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Health Reform Act Rings in New Year with Good News for Seniors

News Release
December 30, 2010 Download PDF

As a result of the federal Affordable Care Act, the New Year will usher in changes to Medicare that will help seniors stay healthy and lower their health care costs.

“The benefits to seniors that take effect in 2011 demonstrate one of the many ways the Affordable Care Act is improving health care for Americans,” said Janet Bauer, policy analyst with the Oregon Center for Public Policy.

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Download the news release Health Reform Act Rings in New Year with Good News for Seniors (PDF), December 30, 2010

Starting January 1, seniors enrolled in Medicare will be able to receive free screening and preventive services for many life-threatening and chronic conditions including many types of cancer, heart diseases, infectious diseases, diabetes and other metabolic disorders.

“Prevention and early detection are key to bringing health care costs under control, something that the new federal law recognizes,” Bauer said.

The changes will also make the cost of prescription medications more affordable for many seniors, according to Bauer. She said the current Medicare prescription drug benefit program helps seniors with drug costs, but cuts them off once their annual costs exceed a certain level — $2,840 in 2011. Then seniors must pay the full cost of their drugs until their expenses reach $6,448, the point when the program again provides assistance.

This coverage gap, commonly referred to as the “doughnut hole,” affected 3.4 million seniors nationally in 2007, according to the Kaiser Family Foundation.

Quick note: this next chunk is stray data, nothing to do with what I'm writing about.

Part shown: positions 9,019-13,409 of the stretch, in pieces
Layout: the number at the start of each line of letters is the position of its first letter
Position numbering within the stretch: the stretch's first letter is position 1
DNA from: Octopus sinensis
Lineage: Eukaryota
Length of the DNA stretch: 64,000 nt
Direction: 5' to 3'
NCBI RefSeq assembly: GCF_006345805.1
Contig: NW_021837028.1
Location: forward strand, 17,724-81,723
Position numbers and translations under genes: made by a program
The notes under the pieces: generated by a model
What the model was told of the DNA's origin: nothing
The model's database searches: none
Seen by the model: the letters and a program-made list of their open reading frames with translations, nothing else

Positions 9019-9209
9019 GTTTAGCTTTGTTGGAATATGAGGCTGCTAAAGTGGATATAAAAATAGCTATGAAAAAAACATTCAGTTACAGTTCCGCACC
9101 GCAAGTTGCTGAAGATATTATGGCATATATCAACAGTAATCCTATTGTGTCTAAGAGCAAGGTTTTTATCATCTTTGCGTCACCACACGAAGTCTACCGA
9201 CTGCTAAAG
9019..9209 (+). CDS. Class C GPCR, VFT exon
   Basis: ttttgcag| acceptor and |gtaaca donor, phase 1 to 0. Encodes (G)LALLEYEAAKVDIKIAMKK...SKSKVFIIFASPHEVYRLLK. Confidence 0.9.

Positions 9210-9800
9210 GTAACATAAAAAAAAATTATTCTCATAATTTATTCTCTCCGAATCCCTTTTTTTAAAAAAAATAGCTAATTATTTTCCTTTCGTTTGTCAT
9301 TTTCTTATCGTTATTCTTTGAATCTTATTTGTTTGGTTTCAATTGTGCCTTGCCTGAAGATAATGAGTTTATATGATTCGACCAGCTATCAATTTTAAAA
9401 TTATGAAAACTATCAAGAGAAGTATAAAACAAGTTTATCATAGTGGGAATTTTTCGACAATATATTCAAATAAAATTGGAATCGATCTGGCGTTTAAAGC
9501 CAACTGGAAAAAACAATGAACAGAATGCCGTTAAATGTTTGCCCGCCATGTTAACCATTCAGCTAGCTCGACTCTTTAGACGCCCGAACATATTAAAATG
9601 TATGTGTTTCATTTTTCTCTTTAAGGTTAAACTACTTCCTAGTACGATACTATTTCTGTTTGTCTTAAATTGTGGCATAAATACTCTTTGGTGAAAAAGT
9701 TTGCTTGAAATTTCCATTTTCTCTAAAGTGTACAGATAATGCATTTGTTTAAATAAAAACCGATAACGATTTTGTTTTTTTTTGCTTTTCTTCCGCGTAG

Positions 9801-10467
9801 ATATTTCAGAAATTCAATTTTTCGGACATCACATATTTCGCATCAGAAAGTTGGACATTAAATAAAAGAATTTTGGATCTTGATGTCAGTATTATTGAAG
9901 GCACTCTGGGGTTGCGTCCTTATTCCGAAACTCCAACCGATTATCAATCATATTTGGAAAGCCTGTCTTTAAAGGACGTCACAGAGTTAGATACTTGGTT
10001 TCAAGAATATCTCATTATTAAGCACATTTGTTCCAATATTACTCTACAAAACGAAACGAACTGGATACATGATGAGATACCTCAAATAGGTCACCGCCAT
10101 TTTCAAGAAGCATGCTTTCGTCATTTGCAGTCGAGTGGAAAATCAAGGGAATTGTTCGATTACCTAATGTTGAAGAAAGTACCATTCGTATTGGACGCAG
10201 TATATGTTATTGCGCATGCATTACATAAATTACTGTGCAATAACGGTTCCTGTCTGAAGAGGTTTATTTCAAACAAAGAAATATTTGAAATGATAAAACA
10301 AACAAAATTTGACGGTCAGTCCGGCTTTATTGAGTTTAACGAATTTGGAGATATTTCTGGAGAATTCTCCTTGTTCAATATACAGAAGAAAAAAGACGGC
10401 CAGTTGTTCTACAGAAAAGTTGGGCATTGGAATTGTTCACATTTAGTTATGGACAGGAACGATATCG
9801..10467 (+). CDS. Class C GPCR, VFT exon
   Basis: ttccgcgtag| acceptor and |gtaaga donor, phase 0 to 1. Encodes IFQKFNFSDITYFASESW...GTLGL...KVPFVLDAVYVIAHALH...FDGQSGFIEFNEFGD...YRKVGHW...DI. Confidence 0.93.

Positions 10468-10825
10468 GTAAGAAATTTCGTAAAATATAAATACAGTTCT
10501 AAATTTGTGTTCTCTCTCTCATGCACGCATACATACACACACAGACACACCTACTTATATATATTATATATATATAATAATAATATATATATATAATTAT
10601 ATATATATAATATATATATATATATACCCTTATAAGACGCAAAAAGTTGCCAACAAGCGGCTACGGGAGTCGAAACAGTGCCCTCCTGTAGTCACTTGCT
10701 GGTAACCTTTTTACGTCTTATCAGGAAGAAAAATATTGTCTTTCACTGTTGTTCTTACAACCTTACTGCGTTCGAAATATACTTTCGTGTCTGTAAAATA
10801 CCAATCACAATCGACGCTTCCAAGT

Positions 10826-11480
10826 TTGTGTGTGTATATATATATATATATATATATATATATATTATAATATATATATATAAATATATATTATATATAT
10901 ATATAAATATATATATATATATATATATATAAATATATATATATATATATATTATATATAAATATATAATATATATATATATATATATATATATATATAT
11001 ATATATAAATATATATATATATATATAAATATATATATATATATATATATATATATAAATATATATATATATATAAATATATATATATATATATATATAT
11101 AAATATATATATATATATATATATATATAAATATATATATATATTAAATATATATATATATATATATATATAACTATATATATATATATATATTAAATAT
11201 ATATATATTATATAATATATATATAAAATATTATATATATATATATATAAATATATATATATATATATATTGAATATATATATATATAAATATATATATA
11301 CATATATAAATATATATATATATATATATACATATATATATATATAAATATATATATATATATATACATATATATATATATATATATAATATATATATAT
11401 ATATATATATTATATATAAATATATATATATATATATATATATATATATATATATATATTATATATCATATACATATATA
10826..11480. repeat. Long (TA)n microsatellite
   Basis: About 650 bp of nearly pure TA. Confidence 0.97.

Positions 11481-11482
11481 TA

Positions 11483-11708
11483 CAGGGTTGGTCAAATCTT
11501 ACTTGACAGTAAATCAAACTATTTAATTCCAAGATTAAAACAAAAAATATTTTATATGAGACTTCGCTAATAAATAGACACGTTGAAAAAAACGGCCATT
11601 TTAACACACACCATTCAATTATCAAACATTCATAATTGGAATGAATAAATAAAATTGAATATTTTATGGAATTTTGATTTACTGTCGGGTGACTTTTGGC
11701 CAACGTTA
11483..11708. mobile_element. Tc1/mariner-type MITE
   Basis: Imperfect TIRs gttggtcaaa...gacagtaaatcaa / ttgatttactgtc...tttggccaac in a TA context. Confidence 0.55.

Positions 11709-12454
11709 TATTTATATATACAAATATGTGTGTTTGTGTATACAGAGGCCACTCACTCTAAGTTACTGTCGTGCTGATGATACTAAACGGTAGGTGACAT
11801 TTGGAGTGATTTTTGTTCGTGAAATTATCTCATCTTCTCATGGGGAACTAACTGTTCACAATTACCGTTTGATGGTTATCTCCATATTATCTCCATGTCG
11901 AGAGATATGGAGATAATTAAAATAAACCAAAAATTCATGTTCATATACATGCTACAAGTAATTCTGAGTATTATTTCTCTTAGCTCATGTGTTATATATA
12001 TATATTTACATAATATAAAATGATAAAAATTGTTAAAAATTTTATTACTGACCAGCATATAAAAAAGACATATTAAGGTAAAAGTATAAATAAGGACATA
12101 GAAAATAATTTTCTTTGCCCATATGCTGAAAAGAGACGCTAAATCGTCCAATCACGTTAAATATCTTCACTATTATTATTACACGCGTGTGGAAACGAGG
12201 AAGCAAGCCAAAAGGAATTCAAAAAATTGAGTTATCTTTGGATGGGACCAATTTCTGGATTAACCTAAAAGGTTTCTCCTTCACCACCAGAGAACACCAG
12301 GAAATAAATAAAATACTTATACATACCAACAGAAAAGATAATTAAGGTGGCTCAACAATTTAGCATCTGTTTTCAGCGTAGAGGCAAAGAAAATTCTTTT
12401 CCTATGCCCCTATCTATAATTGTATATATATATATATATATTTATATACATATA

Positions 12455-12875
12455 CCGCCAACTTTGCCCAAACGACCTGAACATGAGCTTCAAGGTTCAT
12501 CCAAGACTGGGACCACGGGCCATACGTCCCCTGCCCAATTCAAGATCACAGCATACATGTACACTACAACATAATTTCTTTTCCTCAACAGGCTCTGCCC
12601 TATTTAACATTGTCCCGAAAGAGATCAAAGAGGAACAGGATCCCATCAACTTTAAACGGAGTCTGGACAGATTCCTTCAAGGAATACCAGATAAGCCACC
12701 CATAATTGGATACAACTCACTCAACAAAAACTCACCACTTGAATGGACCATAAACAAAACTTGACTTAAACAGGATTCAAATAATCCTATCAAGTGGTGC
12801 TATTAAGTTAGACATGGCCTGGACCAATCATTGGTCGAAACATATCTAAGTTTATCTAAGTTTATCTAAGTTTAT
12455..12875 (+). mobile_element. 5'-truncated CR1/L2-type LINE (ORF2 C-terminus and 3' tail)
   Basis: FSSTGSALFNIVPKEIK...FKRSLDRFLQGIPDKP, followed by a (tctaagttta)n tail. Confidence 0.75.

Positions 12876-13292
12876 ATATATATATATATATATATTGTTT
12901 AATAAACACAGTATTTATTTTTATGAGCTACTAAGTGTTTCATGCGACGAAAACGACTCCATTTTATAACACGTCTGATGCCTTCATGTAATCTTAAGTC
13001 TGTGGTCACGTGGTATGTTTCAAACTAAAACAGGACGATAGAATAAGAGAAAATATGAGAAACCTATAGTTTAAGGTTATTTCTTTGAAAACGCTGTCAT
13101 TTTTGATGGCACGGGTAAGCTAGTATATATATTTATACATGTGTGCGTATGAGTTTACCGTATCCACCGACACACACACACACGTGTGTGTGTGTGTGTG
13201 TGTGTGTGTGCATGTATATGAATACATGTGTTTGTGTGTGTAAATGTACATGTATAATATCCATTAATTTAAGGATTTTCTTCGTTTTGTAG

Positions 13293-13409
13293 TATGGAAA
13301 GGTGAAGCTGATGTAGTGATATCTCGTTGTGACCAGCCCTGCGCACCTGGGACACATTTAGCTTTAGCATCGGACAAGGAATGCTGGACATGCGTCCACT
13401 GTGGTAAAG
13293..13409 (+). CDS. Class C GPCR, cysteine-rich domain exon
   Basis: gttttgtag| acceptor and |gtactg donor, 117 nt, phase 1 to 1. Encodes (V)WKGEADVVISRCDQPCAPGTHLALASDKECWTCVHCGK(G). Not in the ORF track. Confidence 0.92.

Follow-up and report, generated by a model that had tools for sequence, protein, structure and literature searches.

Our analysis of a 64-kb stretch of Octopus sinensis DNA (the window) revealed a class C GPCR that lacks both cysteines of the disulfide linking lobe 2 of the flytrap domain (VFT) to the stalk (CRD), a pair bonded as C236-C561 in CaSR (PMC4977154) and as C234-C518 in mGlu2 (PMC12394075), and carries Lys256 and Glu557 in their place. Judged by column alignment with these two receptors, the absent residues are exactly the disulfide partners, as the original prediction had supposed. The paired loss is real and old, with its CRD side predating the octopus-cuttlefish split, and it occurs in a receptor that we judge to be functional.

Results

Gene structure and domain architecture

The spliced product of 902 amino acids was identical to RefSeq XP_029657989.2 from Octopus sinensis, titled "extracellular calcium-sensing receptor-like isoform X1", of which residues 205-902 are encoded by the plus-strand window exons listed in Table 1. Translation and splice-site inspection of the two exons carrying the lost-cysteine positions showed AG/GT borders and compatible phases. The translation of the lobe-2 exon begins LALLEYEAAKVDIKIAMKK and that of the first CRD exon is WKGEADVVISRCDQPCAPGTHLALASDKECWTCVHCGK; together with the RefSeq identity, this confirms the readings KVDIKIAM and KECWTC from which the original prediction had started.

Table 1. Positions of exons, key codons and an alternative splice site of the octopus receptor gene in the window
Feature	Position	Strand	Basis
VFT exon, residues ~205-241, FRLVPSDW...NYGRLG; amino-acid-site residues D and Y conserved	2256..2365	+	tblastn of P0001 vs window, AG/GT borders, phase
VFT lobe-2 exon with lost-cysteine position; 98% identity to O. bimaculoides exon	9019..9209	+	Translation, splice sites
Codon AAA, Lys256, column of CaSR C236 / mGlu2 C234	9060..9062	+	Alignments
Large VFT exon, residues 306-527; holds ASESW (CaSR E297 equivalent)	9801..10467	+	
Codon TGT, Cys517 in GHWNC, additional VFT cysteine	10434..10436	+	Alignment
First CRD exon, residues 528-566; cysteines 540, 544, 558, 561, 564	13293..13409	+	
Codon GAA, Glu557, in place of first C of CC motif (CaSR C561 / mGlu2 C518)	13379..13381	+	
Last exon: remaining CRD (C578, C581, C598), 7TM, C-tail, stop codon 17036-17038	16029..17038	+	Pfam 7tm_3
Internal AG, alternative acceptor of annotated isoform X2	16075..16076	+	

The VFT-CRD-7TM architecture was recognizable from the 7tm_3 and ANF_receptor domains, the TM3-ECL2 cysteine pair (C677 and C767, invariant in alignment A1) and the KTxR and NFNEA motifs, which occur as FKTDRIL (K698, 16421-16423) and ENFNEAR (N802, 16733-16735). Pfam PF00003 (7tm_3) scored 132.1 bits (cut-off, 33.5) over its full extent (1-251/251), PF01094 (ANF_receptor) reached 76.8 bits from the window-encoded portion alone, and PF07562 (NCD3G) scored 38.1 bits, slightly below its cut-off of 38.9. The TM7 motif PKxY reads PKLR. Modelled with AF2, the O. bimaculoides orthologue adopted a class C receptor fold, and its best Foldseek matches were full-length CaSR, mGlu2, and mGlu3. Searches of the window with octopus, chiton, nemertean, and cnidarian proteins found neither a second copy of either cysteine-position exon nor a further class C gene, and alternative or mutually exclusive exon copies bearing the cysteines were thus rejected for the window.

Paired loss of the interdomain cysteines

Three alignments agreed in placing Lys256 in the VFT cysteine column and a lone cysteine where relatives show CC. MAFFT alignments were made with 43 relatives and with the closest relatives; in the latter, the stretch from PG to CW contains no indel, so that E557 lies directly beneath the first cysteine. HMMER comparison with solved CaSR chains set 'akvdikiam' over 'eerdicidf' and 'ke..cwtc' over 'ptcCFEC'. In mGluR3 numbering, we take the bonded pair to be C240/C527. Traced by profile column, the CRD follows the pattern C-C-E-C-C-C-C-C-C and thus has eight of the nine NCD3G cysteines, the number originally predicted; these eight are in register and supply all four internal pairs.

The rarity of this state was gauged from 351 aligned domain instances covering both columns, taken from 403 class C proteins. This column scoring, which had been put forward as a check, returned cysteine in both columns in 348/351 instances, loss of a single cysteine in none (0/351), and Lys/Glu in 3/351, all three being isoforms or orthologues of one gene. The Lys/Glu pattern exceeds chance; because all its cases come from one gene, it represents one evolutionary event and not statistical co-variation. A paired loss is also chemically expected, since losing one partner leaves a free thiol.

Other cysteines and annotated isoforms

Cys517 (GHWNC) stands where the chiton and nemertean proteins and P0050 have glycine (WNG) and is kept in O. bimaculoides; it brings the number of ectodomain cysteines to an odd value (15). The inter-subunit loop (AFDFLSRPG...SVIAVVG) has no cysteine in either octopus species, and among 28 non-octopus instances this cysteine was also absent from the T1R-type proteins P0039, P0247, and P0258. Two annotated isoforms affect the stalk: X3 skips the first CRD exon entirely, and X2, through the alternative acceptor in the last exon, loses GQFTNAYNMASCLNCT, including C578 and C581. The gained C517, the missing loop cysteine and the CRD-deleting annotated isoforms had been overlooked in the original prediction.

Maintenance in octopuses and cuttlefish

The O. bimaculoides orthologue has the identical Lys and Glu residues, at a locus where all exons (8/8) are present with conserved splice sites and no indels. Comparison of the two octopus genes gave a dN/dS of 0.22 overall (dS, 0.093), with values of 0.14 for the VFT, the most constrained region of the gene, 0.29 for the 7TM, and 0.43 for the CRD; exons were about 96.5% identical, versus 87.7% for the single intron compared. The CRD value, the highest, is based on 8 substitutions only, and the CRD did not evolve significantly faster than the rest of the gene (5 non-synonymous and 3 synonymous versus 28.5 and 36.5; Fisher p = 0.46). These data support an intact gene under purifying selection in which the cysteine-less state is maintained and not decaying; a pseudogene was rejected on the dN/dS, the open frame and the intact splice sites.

The Affordable Care Act fixes this problem, Bauer said. On January 1, seniors who reach the coverage gap will get a 50 percent discount on brand name drugs and a 7 percent discount on generics. By 2020 the gap will close completely and seniors will pay the usual 25 percent of the cost of their drugs, regardless of how many medications they need. And seniors who face prohibitively high prescription costs despite the subsidies will receive additional help.

Also taking effect in 2011 is a rule that prohibits privately-run Medicare insurance plans, known as Medicare Advantage plans, from charging seniors higher co-payments and other fees than they would pay under the regular Medicare program.

In the New Year seniors may find it easier to find doctors who take Medicare patients, Bauer said, because the Act will begin giving bonuses to doctors who provide basic primary care services and surgeons who practice in areas where there is a shortage of specialists.

Finally, said the policy analyst, changes taking effect in 2011 will strengthen Medicare’s finances. Starting in January, the law begins to scale back the practice of overpaying the private Medicare Advantage plans. The non-partisan Commonwealth Fund has estimated that overpayments to Medicare Advantage plans totaled nearly $44 billion between 2004 and 2008.

“Seniors have good reason to cheer this New Year, thanks to the Affordable Care Act,” Bauer said.

The Oregon Center for Public Policy is a non-partisan research institute that does in-depth research and analysis on budget, tax and economic issues. The Center’s goal is to improve decision making and generate more opportunities for all Oregonians.

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Posted in Health Care.

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